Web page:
Tuesday, January 6, 2009

Bridge Over Country Waters


I can't help it. I have to stop to take pictures of swinging bridges.
They speak to me of days long past when people didn't mind walking, when they took the time to build the bridges right, so that many, many years later someone like me would stop to take photos of them.

That's not the real reason, of course. They built them strong because they knew that their work would last not just for the time being, but for years and generations to come.

This bridge was located very near the Burning Springs Museum in Wirt County. I spied it through the trees, and commanded, "Stop! Let me out." My husband seldom questions that command--he knows I've seen something and need to take a photo. He pulled off the road, turned the car around, let me out, and then went up the road to turn around again. What a guy.

I walked down a steep gravel drive to the bridge. A sign hung on it: No Trespassing.

Oops.

Of course this was someone's land, and the bridge crossed over the Little Kanawha River to their home on the other bank. I quickly snapped a few pictures and walked back up to the road, but I had to keep turning to look at that bridge. Except for the one over the Coal River in my husband's growing up place, this one is the longest such bridge I've seen, I believe.

I think this bridge was built by oilfield men, especially since it's so close to the site of the state's longest producing oil well. Sturdy pipes and cables support it, and thick planks line the walkway. It took strong shoulders to put this one together. I wonder if there was once a little settlement on the other side. It seems likely, given the expense put into the bridge's construction.

These bridges were built for foot traffic, not vehicles. As you walk across the bridge springs under your feet with a swaying motion that would have to be uncomfortable for a man with a little too much beer in him. But that swinging is gentle, a rocking motion that moves up and down instead of side to side. You learn to walk with the roll, and it is almost a dance.

7 comments:

solsticedreamer said...

what a lovely photo! i always have my camera with me for just such opportunities!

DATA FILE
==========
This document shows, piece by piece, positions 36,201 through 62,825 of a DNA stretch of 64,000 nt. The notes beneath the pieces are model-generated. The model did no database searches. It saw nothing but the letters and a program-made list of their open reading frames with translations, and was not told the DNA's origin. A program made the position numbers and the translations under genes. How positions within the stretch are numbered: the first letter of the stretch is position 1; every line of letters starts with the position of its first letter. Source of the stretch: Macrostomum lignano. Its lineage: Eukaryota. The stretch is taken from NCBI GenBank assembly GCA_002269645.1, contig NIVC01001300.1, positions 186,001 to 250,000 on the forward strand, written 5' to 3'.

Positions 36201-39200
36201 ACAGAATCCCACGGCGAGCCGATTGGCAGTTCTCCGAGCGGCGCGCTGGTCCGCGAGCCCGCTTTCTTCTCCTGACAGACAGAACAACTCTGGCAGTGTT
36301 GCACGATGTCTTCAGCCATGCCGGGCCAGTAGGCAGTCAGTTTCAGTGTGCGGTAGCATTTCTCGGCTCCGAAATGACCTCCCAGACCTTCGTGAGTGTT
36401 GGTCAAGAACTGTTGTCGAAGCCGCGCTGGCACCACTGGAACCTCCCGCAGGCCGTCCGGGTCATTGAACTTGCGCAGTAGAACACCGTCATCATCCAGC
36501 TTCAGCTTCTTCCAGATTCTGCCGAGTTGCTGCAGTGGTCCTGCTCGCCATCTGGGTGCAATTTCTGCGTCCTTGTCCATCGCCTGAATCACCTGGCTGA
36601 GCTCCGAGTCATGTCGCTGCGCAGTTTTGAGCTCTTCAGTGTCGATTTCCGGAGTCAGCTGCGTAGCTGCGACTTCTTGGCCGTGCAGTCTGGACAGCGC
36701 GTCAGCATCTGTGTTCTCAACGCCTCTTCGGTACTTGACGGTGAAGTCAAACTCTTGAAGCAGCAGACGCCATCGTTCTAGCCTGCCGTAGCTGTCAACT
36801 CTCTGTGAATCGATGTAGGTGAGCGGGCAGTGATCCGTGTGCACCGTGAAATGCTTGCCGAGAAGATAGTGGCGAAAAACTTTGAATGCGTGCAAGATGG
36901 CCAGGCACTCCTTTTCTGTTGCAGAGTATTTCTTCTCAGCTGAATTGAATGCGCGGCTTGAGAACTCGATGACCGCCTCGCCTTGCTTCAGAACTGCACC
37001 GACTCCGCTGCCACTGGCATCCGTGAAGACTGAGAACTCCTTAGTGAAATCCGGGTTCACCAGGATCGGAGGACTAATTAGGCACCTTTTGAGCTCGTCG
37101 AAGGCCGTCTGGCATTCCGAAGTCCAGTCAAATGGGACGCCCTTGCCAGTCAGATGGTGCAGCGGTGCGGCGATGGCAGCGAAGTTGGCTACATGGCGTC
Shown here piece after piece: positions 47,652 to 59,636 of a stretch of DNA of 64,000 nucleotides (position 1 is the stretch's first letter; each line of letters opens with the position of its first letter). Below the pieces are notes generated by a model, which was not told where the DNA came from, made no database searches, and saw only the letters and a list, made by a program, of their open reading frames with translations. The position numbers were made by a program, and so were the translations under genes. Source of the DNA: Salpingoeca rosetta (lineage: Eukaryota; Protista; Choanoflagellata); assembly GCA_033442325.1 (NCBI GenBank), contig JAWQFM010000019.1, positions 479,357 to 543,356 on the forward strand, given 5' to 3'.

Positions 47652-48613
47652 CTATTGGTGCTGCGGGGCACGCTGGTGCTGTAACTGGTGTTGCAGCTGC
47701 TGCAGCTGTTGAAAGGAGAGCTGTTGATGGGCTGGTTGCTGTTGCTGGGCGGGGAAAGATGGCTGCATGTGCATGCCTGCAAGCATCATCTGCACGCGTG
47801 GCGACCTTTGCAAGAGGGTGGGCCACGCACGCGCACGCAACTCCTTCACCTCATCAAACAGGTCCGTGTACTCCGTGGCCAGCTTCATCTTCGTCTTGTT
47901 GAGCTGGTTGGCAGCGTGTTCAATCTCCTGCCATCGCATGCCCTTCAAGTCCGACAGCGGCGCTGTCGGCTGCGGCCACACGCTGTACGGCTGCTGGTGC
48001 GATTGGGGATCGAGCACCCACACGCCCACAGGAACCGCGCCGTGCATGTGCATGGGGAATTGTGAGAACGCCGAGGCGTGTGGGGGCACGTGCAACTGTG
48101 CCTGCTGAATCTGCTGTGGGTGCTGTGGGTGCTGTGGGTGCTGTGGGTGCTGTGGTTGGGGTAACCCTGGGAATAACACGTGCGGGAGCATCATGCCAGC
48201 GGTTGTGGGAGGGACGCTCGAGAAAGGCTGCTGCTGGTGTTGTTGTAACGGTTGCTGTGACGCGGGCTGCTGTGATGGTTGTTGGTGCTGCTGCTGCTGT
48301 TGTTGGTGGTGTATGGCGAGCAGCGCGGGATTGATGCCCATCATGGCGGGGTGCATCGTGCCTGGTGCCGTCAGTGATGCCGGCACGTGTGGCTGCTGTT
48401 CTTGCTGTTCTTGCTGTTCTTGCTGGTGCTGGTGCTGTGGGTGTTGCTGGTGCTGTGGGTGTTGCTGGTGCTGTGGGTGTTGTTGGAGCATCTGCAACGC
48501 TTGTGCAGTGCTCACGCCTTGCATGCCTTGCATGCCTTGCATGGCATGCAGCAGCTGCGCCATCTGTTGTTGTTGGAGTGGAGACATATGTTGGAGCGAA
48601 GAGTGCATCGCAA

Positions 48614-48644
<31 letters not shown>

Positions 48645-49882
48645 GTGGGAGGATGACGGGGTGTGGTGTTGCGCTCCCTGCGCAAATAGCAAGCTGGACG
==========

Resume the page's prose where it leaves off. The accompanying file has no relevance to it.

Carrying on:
Patty said...

I walked over a swinging bridge ONCE...that is all it took for me to know that nice solid concret is more to my liking...Great photo though.

Janet, said...

I like swinging bridges, too. They always make me think of the Indiana Jones movie, tho. I wouldn't have wanted to have been on that bridge. My husband and sons stop for me too when I want to take a picture.

Cathy said...

I love swinging bridges. There is a nice one between Comfort and Seth in Boone county that I used to walk across when I was growing up. I think I'll take a photo next time I'm over there. You hardly see them anymore.

Cathy said...

I love swinging bridges. There is a nice one between Comfort and Seth in Boone county that I used to walk across when I was growing up. I think I'll take a photo next time I'm over there. You hardly see them anymore.

Nance said...

My dad built a swinging bridge for his grandchildren who absolutely loved it but it wasn't as long as the bridge in the link below. I hope to build a swinging bridge for my grandchildren in the next few years.

This bridge is in Eastern Iowa:

http://nanasview.blogspot.com/2008/09/better-than-gramps.html

Side note: I have ancestors who lived on the Little Kanawha River in Wood County, WV.

I sure enjoy your writings.

Granny Sue said...

Hi Nance!

I've got to look at that link. I hope you'll send a photo when you biuld your bridge. I'm glad you enjoy my blog. Stop by anytime.

We'll be heading to Wood County on Saturday, I think, to visit Transallegheny Book Store, a big, supposedly haunted use book store housed in an old Carnegie building. As long as I've lived here, I've yet to go to this place!

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